An opposing view

Don Scott, an advocate for animal welfare, states entertainment options are “literally at our fingertips,” and questions how humans justify the “continued exploitation, enslavement and brutal dominion over animals.”

Mr. Scott says he believes that captivity equals slavery.

“They will tell you these dolphins were raised in captivity,” he said in a May 10 phone interview. “Well captivity still means slavery. It still means these dolphins are going to be brought in and dropped in a tank. They will eat as they are trained to eat, if they don’t react properly to the training they won’t get their food.”

Mr. Scott says he believes the public does not want to see this type of treatment to animals. Recently there was a protest held in response to the under-construction-facility.

“We had 200-plus protesters out there and the feedback that we’re getting is very positive,” said Mr. Scott. “I just think people do not want to see animals exploited.”

He agrees education is important, but not at the expense of an animal’s health, safety and welfare.

“Education happens in the wild,” he said. “No animals need to swim in circles, that’s not education to me.”

In addition, a petition has been started by a person named Laurice Dee, who also is the administrator to two Arizona dolphin advocacy Facebook pages according to LinkedIn.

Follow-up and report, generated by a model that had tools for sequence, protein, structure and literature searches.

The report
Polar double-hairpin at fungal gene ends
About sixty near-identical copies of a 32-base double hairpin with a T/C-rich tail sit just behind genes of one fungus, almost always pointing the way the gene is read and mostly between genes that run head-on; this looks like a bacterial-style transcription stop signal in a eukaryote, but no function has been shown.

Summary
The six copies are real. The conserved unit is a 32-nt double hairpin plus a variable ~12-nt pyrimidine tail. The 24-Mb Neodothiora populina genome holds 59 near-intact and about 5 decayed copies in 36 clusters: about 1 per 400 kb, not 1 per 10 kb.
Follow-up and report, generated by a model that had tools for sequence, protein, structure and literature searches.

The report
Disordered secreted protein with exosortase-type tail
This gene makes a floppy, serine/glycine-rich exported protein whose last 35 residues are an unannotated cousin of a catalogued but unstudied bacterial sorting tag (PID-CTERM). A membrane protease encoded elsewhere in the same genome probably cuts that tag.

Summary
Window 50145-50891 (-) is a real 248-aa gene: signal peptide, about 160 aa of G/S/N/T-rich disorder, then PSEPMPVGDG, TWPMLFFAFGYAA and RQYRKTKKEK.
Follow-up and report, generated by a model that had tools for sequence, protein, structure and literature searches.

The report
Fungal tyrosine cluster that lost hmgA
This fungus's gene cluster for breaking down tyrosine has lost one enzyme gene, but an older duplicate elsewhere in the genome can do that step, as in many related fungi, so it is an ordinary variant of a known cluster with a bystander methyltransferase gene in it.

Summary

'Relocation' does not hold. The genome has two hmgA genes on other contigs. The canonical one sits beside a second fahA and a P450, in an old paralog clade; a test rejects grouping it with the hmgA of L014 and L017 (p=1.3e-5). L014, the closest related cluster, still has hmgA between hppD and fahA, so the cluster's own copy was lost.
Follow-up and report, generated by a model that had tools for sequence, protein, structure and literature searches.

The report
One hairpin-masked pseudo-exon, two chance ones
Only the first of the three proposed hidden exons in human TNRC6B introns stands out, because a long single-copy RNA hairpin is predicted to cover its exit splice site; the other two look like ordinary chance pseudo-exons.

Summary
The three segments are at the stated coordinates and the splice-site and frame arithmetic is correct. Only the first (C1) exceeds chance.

The petition, titled “A Big ‘NO’ to Captive Dolphins in Arizona!” targets Mauricio Martinez del Alva, CEO, Ventura Entertainment; and Amram Knishinsky, CEO, Northern Gateway, LLC.

On May 10 the petition had 130,944 supporters — with only 1,039 from Arizona.

Amram Knishinsky is the lead developer in the OdySea in the Desert projects — unaffiliated with Dolphinaris Arizona.

Details still in flux

Dolphinaris Arizona is still ironing out the details of what types of experiences will be offered, but Dr. Stafford says there will be a variety of activities for different interests, skill and comfort levels.

One specialty is a pool that guests are standing below the water line, and can look through view panels to meet the animals through a “dry encounter.”

“We’ve got one program that I think people are really going to like — it’s like a dolphin-trainer experience,” said Dr. Stafford. “Guests can come and learn about water quality, food prep, veterinary medicine and still do several encounters.”

Dolphinaris has already donated millions of dollars into Arizona, according to Dr. Stafford.

“This is really a multi-national, multi-cultural endeavor. It’s bringing high-paying construction jobs and will bring more professional jobs to the Valley once we’re open. So I think it’s a neat thing for everybody including the animals.”

Mexico-based Dolphinaris has five other locations: Cancun, Riviera Maya Park, Cozumel, Tulum and Barcelo.

In 2014, the Associated Press published an article evaluating survival rates for killer whales, bottlenose dolphins, California sea lions and buluga whales at more than 170 U.S. parks and aquariums. In regards to bottlenose dolphins, the article found that: “captive bottlenose dolphins had an average life expectancy of almost 24 years, with a high estimate of 26 years and a low estimate of 22 years. Those at SeaWorld had an average life expectancy of almost 45 years. A population of bottlenose dolphins off the Sarasota coast has a life expectancy of 25 years.”

Northeast Valley News Editor Melissa Rosequist can be e-mailed at or can be followed on Twitter at